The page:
Who am I? Why am I here?

I've been a professional woodworker for over a decade, the past few years of which I've spent as Cabinetmaker at Fernbank Science Center in Atlanta, Georgia. I also teach woodworking classes, mostly at Highland Woodworking.


I'm writing this blog to try and show what can be done with very basic tools in limited space. I have a huge shop with big machines at work, it's true, but for my own personal projects I work in borrowed space: half of a two-car garage.


I also hope to write occasional posts about why I'm a woodworker: the pleasures of working and the beauty of the material.

Sunday, December 14, 2014

Stocking Stuffers for Woodworkers



Once in a while someone asks me for advice on what to give their woodworking loved one for Christmas. In the past, my standard advice has been to get a nice honing jig, or better yet, a class on sharpening. Those remain very good gifts, because sharpening is fundamental to enjoyable working, and neglected by a large percentage of us working at all levels.

About a year ago, though, I decided that one of these might help

Sunday, November 16, 2014

A Handplane Jig for Ladderback Chair Leg Tapering



Here's another hand tool jig. This one is more specific than the dovetail paring jig I showed in the last entry, because it's built to help with one particular step in one particular project. I use it to turn tapered square chair leg blanks into tapered octagons when I make the ladderback chair developed by J. Alexander and Drew Langsner. The dovetail jig can be used for joints of different thicknesses and widths, and I can even picture myself using it to fair up tenon shoulders. But this leg-tapering jig is so specific that I doubt it will ever be used for anything but this project.

First I'll show about making and using the jig, and then I'll explain my thinking a little bit.

Sunday, November 9, 2014

Robert Ingham's Dovetail Paring Jig

I've been thinking lately about hand tool jigs for very specific operations. If you've used hand tools much, you've learned about the value of jigs for often-performed, generalized operations like making a square end on a board with a bench hook and/or shooting board. I'm thinking about more specialized jigs that don't get used for every single project, but come in handy for guiding a tool along a carefully limited path to produce consistent, accurate results. This baseline paring jig for dovetails is a perfect example.

Sunday, October 5, 2014

Buying an Old Unisaw


If you're getting into woodworking because you want to build cabinets and built-ins for your house, your version of the thousand-dollar shop could be centered around the tablesaw. I have danced around this topic for a while because although I do have a tablesaw, it isn't one I would recommend for cabinet work: it's underpowered and has a very small table which tilts to make angled cuts, so is not safe for breaking down big sheets of plywood.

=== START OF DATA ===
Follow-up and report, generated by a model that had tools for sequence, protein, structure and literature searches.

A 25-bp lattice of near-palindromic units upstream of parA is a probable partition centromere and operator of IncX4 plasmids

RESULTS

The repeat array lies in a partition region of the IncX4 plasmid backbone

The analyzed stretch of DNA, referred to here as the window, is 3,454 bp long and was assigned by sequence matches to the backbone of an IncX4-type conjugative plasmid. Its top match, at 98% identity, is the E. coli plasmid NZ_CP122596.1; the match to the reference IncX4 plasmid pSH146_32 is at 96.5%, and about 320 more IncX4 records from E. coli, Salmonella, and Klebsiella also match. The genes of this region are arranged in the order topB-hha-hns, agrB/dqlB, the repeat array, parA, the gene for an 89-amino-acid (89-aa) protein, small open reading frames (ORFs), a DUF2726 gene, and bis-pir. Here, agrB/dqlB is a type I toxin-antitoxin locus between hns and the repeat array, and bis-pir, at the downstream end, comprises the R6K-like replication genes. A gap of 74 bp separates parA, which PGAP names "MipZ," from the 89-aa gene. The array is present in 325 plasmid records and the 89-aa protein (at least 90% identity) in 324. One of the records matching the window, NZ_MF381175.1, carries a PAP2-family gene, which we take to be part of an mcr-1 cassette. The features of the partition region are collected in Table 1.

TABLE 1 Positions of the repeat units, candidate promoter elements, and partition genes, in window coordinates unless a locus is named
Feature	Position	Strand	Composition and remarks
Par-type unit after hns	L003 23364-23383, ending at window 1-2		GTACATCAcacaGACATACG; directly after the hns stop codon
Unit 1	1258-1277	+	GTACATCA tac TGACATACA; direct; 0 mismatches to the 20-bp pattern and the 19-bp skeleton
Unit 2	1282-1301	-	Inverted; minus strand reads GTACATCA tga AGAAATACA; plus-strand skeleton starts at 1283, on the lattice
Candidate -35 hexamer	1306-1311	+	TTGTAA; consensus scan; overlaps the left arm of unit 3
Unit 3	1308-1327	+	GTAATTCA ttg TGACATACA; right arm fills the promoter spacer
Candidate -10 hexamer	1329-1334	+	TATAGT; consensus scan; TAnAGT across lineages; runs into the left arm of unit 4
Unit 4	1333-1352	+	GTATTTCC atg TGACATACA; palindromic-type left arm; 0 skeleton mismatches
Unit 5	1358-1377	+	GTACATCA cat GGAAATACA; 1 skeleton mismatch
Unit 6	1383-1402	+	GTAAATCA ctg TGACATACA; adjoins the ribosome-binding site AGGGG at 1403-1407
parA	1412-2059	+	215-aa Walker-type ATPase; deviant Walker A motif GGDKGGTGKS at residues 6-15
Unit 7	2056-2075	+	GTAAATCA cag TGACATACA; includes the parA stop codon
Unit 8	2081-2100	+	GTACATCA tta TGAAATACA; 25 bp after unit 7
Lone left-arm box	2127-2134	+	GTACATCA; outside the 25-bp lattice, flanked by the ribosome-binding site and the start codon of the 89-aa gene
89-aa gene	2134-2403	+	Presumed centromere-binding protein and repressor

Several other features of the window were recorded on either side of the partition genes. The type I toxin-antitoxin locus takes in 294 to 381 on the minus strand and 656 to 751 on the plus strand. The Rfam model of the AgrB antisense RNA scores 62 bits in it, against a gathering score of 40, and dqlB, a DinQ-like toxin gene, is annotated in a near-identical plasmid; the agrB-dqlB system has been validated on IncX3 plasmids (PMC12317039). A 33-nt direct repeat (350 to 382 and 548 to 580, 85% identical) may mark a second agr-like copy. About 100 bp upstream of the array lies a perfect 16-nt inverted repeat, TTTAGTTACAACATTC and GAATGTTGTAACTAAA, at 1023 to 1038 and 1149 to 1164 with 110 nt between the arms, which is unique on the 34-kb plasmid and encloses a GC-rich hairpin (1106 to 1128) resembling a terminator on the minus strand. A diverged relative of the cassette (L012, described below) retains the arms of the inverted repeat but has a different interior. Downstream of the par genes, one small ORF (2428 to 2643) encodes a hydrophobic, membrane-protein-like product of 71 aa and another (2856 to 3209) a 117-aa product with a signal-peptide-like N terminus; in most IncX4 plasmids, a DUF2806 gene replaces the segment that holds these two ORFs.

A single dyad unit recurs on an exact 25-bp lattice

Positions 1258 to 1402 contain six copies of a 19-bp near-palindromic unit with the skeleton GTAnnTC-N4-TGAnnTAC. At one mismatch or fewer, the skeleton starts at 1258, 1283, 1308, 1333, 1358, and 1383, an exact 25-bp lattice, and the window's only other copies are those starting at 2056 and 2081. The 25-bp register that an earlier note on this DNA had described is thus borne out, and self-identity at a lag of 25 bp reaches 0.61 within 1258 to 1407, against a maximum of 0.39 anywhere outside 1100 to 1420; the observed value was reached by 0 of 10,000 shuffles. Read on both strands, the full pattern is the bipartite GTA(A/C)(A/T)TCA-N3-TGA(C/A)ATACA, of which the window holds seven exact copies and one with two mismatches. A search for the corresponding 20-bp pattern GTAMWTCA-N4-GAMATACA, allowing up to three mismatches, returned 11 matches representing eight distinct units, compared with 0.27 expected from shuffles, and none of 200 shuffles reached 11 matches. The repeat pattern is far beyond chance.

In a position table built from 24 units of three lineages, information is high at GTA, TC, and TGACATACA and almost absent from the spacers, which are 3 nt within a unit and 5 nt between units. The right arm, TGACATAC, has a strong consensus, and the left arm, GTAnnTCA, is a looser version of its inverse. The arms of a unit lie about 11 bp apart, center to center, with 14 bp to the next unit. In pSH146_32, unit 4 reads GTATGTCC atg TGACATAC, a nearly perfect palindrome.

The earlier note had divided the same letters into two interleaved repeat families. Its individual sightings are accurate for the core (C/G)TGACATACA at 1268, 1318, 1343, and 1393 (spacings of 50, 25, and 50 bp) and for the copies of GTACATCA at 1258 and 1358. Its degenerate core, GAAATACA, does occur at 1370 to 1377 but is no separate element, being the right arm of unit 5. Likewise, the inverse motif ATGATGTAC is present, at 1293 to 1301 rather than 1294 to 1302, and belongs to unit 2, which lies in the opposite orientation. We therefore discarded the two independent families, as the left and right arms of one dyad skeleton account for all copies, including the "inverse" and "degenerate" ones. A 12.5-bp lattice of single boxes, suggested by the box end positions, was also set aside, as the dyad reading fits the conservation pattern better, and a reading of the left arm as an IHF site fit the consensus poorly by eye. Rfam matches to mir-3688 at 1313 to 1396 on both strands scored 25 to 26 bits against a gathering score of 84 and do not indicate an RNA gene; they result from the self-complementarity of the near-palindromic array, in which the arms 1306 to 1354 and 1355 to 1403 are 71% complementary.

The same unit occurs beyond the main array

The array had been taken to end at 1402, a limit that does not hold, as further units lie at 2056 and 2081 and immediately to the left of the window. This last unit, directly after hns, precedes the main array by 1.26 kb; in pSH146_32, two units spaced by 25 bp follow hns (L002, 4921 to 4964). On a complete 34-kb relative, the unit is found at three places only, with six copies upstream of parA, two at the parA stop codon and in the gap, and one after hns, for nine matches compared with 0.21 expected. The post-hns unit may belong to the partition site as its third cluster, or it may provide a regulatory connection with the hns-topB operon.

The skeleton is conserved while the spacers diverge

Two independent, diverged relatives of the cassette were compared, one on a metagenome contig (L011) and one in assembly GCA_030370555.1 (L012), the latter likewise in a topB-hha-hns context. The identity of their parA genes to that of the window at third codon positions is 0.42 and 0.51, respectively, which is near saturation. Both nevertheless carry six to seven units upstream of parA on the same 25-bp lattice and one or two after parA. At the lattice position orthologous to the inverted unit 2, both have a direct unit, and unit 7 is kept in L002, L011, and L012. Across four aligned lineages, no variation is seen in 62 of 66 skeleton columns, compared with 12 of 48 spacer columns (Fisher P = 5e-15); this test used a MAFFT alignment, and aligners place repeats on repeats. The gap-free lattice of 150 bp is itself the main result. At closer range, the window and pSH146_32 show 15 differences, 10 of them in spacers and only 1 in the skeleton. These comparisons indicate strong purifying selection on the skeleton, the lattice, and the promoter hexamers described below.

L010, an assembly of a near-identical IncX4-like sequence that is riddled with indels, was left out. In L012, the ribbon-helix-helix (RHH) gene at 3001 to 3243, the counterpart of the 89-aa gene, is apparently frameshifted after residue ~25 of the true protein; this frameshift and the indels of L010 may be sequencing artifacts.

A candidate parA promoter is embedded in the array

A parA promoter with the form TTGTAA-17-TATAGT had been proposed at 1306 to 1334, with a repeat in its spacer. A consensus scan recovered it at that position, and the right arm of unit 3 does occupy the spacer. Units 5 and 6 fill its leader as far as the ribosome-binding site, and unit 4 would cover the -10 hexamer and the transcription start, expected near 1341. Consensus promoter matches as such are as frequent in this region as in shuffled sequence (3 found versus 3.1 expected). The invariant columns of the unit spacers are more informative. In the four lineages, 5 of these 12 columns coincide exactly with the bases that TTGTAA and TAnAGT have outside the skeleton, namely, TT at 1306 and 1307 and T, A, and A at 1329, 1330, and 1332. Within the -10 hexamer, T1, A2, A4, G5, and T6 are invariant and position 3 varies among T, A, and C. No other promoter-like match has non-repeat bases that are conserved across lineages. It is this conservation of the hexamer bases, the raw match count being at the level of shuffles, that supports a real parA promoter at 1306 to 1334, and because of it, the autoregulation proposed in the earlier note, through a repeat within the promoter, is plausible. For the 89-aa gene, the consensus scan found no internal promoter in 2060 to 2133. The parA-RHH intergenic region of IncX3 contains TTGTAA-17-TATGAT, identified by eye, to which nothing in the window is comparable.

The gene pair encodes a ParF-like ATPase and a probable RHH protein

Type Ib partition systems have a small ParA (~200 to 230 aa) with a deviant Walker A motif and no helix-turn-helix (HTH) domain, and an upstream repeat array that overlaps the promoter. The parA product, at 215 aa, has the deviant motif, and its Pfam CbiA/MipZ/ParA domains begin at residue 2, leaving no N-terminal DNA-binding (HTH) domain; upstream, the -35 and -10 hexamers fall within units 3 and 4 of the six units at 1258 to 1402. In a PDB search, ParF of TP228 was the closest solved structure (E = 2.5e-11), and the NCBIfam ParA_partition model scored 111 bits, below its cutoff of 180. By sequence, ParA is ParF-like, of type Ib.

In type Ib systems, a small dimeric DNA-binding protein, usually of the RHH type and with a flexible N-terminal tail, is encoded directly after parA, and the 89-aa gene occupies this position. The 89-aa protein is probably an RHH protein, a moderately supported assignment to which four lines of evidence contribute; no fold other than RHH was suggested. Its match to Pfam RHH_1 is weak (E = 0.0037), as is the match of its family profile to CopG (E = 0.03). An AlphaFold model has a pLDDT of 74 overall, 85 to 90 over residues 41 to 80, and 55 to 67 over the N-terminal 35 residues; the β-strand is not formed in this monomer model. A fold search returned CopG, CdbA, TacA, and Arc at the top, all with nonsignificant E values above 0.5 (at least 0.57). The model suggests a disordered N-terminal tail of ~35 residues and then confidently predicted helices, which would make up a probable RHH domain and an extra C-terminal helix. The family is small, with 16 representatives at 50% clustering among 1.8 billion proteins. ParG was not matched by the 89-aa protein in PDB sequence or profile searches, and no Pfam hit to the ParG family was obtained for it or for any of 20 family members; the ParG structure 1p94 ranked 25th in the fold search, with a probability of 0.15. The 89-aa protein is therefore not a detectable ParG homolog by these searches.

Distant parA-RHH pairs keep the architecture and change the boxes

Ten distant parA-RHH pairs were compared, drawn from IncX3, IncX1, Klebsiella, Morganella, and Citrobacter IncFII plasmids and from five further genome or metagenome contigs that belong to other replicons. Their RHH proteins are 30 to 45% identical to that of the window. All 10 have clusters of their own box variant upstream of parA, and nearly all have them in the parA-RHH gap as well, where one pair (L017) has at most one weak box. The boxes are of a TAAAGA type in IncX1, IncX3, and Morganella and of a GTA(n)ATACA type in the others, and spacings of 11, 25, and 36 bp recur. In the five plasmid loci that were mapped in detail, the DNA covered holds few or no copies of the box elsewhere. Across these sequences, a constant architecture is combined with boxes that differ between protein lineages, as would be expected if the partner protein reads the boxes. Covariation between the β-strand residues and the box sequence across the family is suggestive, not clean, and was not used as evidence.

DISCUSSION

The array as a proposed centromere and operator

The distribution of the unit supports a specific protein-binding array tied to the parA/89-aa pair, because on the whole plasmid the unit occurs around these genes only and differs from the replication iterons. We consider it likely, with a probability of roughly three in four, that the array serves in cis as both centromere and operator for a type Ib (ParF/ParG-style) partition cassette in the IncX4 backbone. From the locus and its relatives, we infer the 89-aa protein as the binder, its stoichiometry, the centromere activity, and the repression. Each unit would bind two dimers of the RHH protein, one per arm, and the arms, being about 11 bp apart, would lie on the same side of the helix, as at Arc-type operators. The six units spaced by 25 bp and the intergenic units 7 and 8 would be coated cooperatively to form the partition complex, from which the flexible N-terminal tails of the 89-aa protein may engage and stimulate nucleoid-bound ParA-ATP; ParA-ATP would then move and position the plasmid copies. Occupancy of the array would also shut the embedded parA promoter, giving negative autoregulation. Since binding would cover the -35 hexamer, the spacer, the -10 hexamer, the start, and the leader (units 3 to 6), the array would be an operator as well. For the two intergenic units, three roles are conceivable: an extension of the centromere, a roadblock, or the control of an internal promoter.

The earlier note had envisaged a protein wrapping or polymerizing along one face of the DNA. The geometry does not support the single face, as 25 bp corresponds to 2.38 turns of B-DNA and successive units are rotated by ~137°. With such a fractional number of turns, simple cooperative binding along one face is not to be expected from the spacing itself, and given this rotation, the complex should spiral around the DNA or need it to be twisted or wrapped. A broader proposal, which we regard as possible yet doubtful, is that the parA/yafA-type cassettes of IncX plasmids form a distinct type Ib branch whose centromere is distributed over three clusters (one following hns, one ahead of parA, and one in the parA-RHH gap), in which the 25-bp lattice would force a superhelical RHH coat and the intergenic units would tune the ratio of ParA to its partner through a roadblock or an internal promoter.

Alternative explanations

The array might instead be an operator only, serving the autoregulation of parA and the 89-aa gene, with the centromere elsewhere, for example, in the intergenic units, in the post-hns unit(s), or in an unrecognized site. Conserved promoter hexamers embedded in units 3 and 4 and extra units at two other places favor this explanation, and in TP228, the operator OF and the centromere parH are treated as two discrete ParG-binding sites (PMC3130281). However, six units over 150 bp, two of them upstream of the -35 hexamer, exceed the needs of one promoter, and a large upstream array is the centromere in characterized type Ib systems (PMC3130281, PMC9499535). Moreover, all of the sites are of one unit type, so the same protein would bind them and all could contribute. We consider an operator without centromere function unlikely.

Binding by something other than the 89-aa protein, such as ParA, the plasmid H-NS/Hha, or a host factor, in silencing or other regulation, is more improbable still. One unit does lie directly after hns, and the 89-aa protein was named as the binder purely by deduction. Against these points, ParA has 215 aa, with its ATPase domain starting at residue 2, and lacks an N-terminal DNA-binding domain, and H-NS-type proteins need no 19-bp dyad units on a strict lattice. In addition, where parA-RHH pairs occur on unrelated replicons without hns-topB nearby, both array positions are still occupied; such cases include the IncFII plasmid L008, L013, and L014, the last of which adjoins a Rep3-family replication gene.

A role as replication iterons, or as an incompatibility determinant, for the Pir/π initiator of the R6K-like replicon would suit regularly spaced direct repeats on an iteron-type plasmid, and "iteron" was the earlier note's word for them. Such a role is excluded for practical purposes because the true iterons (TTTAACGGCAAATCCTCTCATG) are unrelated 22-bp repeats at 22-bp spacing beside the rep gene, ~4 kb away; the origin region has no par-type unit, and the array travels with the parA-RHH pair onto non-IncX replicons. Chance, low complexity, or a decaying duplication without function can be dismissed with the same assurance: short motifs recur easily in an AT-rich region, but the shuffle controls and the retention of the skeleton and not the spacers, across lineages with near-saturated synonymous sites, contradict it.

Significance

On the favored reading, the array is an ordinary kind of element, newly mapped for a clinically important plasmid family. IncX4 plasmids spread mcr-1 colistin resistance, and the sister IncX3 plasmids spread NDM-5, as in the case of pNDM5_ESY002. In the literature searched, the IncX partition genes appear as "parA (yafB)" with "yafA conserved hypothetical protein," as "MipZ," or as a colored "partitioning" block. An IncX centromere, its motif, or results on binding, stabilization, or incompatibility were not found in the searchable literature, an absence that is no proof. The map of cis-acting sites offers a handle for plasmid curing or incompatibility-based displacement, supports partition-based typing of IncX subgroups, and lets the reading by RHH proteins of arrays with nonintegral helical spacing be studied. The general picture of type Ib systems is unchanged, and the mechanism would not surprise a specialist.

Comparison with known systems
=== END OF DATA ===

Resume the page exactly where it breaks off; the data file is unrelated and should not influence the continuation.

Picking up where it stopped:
The saw as I found it when I visited the pre-auction inspection. There was no play in the arbor bearings, no major rust, and the inside was not caked with old sawdust: all good signs.



Recently that changed, when I had the chance to get an old Delta Unisaw for an excellent price.

Monday, September 1, 2014

Make a Chopping Block for Green Woodworking




If you want to get started in woodworking on the lowest possible budget, I recommend what's called “green woodworking” or sometimes “greenwoodworking”. I've talked a little about this already, in this entry about the chairmaking class I took at Country Workshops last summer, and this entry about gathering some ash for my next chair.

One thing you will find handy if you want to start carving spoons and/or bowls from green wood is a chopping block, so you'll have a stable surface for shaping with an axe.

Tuesday, April 8, 2014

Hock Kitchen Knife Kits

I just put the first coat of finish on this guy:
If you've done much messing around with hand planes, you'll probably recognize the logo. If not, finish reading this and I'll try to start you down the path to enlightenment.

Wednesday, April 2, 2014

Planing Small Irregular Pieces of Wood

Just a quick post about using two-sided tape in a pinch.




The workpieces in question are a pair of scales for a kitchen knife I'm giving to my son. They're oddly shaped, so my bench vise couldn't hold them, and too thin to hold that way anyway. The ends have been cut off too far from square to use my Time Warp bench dogs; the force of planing would rotate them away from behind the dog and they'd just slide across the bench.